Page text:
Operationally, addressing anti-Indigenous sentiments requires measurement of these beliefs among those applying to and accepted to undergraduate medical education programs in Canada. Together, these objectives informed a need to examine the interpersonal bias of applicants and matriculating students to the undergraduate medical program in school of medicine, with an aim of identifying how the application process selects for (or against) individuals with anti-Indigenous attitudes.


Study design

This cross-sectional survey measured demographics and explicit and implicit anti-Indigenous bias. Participants were informed that the purpose of the study was to better understand the demographics of medical school applicants and their feelings toward Indigenous people in Canada; once data collection was complete, participants were informed via e-mail that the responses would be used to measure explicit and implicit anti-Indigenous bias. All participants provided informed consent. Participation was voluntary and not compensated. Results of the study were not used to inform admission decisions. Data was analyzed following complete matriculation of the Class of 2024. This study was approved by our institutional ethics review board (July 21, 2020; REB20–0077).

Setting & sampling

Applicants to the undergraduate medical education program at the Cumming School of Medicine (University of Calgary) in the 2020–2021 application cycle were approached for participation after submitting their application (n = 1837). Applicants must be Canadian citizens, permanent residents, or refugees. Applicants submit an electronic package (‘file’) that contains reference letters, a personal statement, a resume of work and volunteer activities, Medical College Admissions Test (MCAT) score, and undergraduate/postgraduate education transcripts [15]. This file is scored by two reviewers using a standard rubric. A proportion of applicants with the highest scores are invited to a multiple-mini-interview, where the applicant is interviewed by faculty, medical students, and general public stakeholders using a variety of scenarios and topics. The final applicant score is comprised of 50% from the interview and 50% from the file review. The top ranked applicants are offered a position in the matriculating class and an additional number of candidates who meet admissions criteria are placed on the waitlist. While racist and other discriminatory attitudes are not specifically elicited in the evaluation of applicants, these attitudes are named as incompatible with admission to the Cumming School of Medicine and result in termination of the application regardless of the strength of other aspects of the candidate [15].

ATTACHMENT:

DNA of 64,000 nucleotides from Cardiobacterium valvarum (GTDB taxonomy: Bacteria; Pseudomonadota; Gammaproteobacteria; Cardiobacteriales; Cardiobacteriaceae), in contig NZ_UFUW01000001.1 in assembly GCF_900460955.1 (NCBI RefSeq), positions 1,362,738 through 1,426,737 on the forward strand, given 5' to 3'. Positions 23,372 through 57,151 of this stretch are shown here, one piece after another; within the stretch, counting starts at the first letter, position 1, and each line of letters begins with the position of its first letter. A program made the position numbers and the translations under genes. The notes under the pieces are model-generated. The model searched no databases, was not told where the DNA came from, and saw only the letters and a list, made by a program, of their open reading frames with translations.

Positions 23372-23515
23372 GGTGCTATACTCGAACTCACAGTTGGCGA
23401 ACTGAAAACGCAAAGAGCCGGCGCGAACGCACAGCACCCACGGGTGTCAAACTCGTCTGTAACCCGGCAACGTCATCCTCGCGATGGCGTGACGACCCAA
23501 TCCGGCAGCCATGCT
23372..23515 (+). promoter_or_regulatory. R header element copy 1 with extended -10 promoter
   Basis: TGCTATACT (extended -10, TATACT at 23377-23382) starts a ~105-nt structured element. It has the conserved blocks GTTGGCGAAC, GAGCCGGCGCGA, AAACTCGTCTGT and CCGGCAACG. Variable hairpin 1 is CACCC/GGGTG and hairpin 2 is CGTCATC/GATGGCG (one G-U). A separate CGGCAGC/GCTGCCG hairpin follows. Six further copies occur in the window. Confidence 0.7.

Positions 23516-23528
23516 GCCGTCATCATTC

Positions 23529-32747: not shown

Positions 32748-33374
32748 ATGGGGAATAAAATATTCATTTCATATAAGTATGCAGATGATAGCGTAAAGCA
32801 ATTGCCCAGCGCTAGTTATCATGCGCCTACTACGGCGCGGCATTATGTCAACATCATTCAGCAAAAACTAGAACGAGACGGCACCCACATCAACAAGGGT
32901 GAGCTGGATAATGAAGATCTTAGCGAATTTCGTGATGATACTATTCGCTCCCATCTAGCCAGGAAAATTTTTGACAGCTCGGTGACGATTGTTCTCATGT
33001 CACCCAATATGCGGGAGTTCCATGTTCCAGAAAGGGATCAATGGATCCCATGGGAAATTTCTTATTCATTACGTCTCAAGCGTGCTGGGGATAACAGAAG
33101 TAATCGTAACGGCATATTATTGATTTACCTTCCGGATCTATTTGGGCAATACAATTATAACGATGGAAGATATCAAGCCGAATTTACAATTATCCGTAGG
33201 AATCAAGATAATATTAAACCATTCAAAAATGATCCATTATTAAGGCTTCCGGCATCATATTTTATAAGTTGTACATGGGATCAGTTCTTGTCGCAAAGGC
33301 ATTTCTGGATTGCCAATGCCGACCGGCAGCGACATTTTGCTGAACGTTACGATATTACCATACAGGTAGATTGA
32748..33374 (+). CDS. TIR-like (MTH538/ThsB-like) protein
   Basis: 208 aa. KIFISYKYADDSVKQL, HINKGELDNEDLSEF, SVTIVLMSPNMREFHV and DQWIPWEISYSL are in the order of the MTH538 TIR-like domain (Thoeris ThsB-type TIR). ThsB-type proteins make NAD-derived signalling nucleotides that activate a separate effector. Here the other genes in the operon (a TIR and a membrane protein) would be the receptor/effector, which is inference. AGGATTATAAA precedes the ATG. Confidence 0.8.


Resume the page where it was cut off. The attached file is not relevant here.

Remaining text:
Participants were stratified by application status: (1) those who were offered an interview (n = 884), (2) those who were declined admission after interview (n = 622), (3) those who were waitlisted (n = 93), (4) those who were offered admission, including those who declined their position (n = 264), and (5) those who accepted the offer of a position in the Class of 2024 (‘matriculants’; n = 134).

Two comparator populations were chosen; current medical students in their first, second or third years of medical school (the Classes of 2021, 2022, and 2023, respectively) were invited by posting on the class electronic message board and a single e-mail invitation using the class listserve (n = 487), and undergraduate students in the Faculty of Mathematics at our same university were invited by a single e-mail to all students enrolled in a senior level course restricted to math majors from their Department Head (n = 160). These comparator groups were selected because we were not sure if the demographics and attitudes of medical school applicants would be more like current medical students or other undergraduate STEM students. Undergraduate math majors were considered less likely than other science majors to be applying to medical school [16] and therefore would have less overlap in participant populations than other undergraduate science degrees.